She has spoken at more than 150 schools nationally and internationally. She has delivered keynote speeches at Amnesty International, Rotary International Youth Alliance, and Apple, to name a few.
Turahn Dorsey serves as the newly appointed Chief of Education for the City of Boston and is a member of Mayor Martin J. Walsh’s cabinet. As Chief of Education, Dorsey is charged with setting a strategic agenda for the city that will improve the quality of instruction and student support across the education pipeline and better integrate school-, community-, and work-based learning opportunities.
Prior to joining the Mayor’s cabinet, Mr. Dorsey served as Evaluation Director and an Education Program Officer at the Barr Foundation. At Barr, Dorsey led the development and implementation of data monitoring and evaluation frameworks for Barr’s strategic investments in local education and climate change. Additionally, he managed the Foundation’s giving in out-of-school time and focused on expanding summer learning options, helping to create systemic approaches to school-community partnerships and developing education and career pathways for disconnected youth.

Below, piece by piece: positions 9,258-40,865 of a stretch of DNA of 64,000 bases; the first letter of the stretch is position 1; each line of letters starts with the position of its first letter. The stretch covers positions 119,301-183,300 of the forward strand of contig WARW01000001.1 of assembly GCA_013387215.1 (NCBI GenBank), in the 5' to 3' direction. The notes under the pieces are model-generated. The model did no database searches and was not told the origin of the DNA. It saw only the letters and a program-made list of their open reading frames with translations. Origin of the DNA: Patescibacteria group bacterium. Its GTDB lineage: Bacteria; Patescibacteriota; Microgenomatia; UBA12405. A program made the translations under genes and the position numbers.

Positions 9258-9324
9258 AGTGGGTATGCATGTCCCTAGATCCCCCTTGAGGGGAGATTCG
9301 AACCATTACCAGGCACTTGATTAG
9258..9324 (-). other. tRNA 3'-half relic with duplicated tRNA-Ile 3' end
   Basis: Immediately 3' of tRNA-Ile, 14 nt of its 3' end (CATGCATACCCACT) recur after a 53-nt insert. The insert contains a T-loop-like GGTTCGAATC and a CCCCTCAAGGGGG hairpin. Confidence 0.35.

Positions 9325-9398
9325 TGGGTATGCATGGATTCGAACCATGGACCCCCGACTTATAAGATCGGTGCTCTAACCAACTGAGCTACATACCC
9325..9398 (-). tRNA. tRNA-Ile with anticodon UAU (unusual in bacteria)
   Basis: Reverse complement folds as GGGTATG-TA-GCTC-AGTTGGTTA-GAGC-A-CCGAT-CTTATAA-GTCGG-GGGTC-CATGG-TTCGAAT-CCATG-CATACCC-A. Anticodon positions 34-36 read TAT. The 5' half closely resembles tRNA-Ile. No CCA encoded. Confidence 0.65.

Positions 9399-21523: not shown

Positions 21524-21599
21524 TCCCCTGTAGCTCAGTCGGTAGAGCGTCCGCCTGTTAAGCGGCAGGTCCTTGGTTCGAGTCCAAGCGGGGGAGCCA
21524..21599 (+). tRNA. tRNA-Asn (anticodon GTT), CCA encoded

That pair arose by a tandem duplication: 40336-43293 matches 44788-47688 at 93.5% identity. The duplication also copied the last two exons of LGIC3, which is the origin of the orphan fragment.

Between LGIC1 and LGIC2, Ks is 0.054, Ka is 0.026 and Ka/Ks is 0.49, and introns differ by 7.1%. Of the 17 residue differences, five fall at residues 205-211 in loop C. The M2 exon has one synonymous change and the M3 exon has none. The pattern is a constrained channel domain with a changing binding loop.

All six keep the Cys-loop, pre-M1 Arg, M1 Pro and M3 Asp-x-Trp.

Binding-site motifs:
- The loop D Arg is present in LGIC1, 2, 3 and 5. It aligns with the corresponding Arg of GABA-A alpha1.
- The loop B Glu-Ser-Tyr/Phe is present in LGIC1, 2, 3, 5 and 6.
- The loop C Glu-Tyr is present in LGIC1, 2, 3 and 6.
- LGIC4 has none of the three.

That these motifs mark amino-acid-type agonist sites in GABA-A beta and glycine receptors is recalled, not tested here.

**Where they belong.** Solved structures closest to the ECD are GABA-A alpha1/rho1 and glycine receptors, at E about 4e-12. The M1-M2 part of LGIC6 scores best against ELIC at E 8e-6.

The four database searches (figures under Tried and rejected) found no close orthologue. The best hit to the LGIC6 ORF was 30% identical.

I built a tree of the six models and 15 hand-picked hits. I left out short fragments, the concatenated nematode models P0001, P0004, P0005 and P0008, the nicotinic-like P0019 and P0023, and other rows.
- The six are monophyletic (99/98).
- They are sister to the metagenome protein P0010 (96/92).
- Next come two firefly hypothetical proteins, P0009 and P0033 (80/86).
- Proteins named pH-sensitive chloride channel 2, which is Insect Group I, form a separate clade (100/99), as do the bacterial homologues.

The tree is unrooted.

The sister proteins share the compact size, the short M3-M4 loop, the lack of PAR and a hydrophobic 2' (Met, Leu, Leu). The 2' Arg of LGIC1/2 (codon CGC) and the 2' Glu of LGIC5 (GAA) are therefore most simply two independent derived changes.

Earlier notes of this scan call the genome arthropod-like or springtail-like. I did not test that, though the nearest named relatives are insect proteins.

Mr. Dorsey’s career is built on the 15 years he spent as a program evaluator and researcher at Moore and Associates in Southfield, Michigan and Abt Associates in Cambridge, MA. In this capacity, he led and participated in research projects spanning a number of public policy, community change and public health related issues. The body of work he contributed to for state and local governments, as well as foundations, also covers a number of quantitative and qualitative technical areas including outcome and impact analyses, Theory of Change-based program evaluation. A native of Detroit, Mr. Dorsey graduated with a BA degree in Economics from The University of Michigan.